SH: Sometimes Finch’s job appeals to me, too. But I don’t know, I have some ideas about self-sufficiency but I hope the novel avoids making any kind of prescriptive gesture about what someone should or shouldn’t do. Finch’s own situation certainly is more complicated than any philosophy could account. I think people idealize it, in large part, because they don’t have to live it, so it seems a romantic escape from the often hectic lives we do live. It’s a lot like manual labor or farming or any number of other things that have romantic qualities attached to them from a distance but are painful and frustrating and hard to actually do. Not that there isn’t nobility or accomplishment in them, but as the British writer Jeffrey Bernard said, “As if there was something romantic and glamorous about hard work … if there was something romantic about it, the Duke of Westminster would be digging his own fucking garden, wouldn’t he?” I got that from Tom Hodgkinson’s book How To Be Idle—another big influence on my novel—and had it hanging in big print on my office wall for a while. And I think there are checks and balances: we might work more often alone, but find connections in other ways. When I’m huddled at home alone writing fiction I’m also bantering away on Twitter, being social. I idealize loneliness and solitude as much as anyone, probably more so, but mostly I suspect I can get away with it because I’m not truly alone. Nothing close to it.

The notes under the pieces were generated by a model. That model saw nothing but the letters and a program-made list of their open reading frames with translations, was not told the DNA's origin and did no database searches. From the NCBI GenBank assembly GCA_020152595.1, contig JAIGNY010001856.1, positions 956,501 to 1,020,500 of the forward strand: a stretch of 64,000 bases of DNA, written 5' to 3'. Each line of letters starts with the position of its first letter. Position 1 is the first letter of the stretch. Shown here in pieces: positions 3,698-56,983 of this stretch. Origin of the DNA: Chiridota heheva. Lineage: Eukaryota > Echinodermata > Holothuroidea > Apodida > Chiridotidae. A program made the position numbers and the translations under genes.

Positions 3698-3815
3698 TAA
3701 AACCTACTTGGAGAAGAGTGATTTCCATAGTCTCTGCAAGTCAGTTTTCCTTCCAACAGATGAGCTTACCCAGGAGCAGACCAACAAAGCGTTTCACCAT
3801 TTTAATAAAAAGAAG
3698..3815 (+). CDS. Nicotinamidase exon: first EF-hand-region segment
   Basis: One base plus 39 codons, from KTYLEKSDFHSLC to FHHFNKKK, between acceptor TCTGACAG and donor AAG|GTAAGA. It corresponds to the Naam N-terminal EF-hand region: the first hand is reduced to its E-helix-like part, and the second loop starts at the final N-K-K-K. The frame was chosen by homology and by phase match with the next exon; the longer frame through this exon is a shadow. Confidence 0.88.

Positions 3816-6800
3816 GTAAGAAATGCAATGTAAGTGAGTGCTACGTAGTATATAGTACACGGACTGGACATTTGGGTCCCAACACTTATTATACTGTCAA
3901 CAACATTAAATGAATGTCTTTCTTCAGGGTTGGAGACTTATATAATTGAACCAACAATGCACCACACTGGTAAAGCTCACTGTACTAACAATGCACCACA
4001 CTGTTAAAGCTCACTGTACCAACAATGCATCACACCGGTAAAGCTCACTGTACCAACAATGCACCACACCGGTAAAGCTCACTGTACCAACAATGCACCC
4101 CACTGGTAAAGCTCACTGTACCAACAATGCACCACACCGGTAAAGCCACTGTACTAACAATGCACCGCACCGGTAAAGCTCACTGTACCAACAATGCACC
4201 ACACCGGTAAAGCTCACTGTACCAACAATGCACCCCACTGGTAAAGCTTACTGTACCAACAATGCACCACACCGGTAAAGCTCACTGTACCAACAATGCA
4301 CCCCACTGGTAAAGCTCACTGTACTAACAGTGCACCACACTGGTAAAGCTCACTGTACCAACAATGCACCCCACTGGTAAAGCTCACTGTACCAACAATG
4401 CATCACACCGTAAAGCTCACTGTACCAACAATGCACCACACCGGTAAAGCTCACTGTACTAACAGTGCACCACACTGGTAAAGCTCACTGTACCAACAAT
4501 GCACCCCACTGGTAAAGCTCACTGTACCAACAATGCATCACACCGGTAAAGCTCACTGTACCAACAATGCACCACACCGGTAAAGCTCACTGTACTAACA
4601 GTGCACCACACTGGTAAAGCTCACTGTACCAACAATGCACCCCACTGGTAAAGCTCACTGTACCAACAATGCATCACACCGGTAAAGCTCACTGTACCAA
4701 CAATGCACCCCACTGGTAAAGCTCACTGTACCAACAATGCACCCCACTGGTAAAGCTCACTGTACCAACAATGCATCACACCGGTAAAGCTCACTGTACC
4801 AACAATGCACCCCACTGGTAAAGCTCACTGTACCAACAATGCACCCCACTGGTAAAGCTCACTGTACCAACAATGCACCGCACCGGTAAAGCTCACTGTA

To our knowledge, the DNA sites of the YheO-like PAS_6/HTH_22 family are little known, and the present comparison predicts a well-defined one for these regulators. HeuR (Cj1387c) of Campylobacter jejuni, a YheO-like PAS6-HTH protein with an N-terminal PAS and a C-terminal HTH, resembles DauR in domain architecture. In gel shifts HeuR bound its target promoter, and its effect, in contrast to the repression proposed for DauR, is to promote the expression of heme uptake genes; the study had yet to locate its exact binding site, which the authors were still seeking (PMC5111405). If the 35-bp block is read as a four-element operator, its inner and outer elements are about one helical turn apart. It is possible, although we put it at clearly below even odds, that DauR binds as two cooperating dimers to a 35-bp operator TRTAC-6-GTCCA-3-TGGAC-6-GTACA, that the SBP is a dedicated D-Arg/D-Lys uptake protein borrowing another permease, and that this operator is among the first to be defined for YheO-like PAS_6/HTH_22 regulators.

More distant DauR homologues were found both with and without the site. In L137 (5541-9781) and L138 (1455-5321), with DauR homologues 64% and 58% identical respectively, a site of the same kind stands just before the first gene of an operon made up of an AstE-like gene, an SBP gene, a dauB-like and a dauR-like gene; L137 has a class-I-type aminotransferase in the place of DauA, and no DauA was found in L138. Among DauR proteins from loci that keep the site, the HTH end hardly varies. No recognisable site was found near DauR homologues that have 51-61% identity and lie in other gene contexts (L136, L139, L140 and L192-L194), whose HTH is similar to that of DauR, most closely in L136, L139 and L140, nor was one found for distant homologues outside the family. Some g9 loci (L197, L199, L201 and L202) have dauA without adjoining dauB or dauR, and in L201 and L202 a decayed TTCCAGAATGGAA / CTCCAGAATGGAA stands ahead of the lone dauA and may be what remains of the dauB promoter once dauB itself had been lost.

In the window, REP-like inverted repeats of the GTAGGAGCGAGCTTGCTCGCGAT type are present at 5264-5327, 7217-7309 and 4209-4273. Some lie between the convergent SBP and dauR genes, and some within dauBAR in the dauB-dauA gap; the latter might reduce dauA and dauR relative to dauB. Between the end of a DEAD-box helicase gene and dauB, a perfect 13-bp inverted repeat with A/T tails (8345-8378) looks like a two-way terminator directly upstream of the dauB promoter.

RM: I have heard various arguments about using nature as a metaphor in writing – whether it is a good, ethical, etc. I’d love to hear your take on the subject and how you navigated it in this novel.
SH: I was very conscious of it. Maybe too much so because as a writer I do tend to get bogged in “ideas,” sometimes to the detriment of the writing itself. I read lots of environmental history and theory anyway, not as research for the novel, but I had to shut most of it out when I sat down to write. But I was very deliberately trying to avoid any claim to writing about a “real” place, a real landscape or nature. It’s as much artifice as nature in a number of ways, and while in the story that occurs in exaggerated ways it’s not so different from the world we live in. Every bit of ground we encounter is already wrapped up in webs of science or communications or folklore or literature or pollution, nothing’s “untouched,” and as a writer I want to explore. I’m not the least bit interested in idealizing a nature that doesn’t exist, but would much rather read and write about the confusions and discoveries that are only possible in the mediated quasi-natural world we actually live in, for better or worse. So I hope readers are constantly off guard, a bit, as to what’s natural and what isn’t and as to how literally to take the story. Some writers try to hide the construction of a text just as they try to make their setting seem “real,” but neither of those interests me much.
RM: I’m an aquarium enthusiast and recently bought a pair of captive-bred clown fish. They’re pissing me off because they refuse to nest with any of my anemones, like their counterparts do in the wild. Presumably this is because they no longer need to, as they are safe in my aquarium. So I laughed when reading the passage where Finch attempts to help Jerome the Lion roar more like a lion and ends up only helping him sound like Finch trying to be a lion. It seemed emblematic of so many aspects of the novel, in which the characters try and fail to accurately represent nature in its less manipulated form. I’m curious how your opinion about some of our world’s more misguided efforts towards preservation, both now and historically.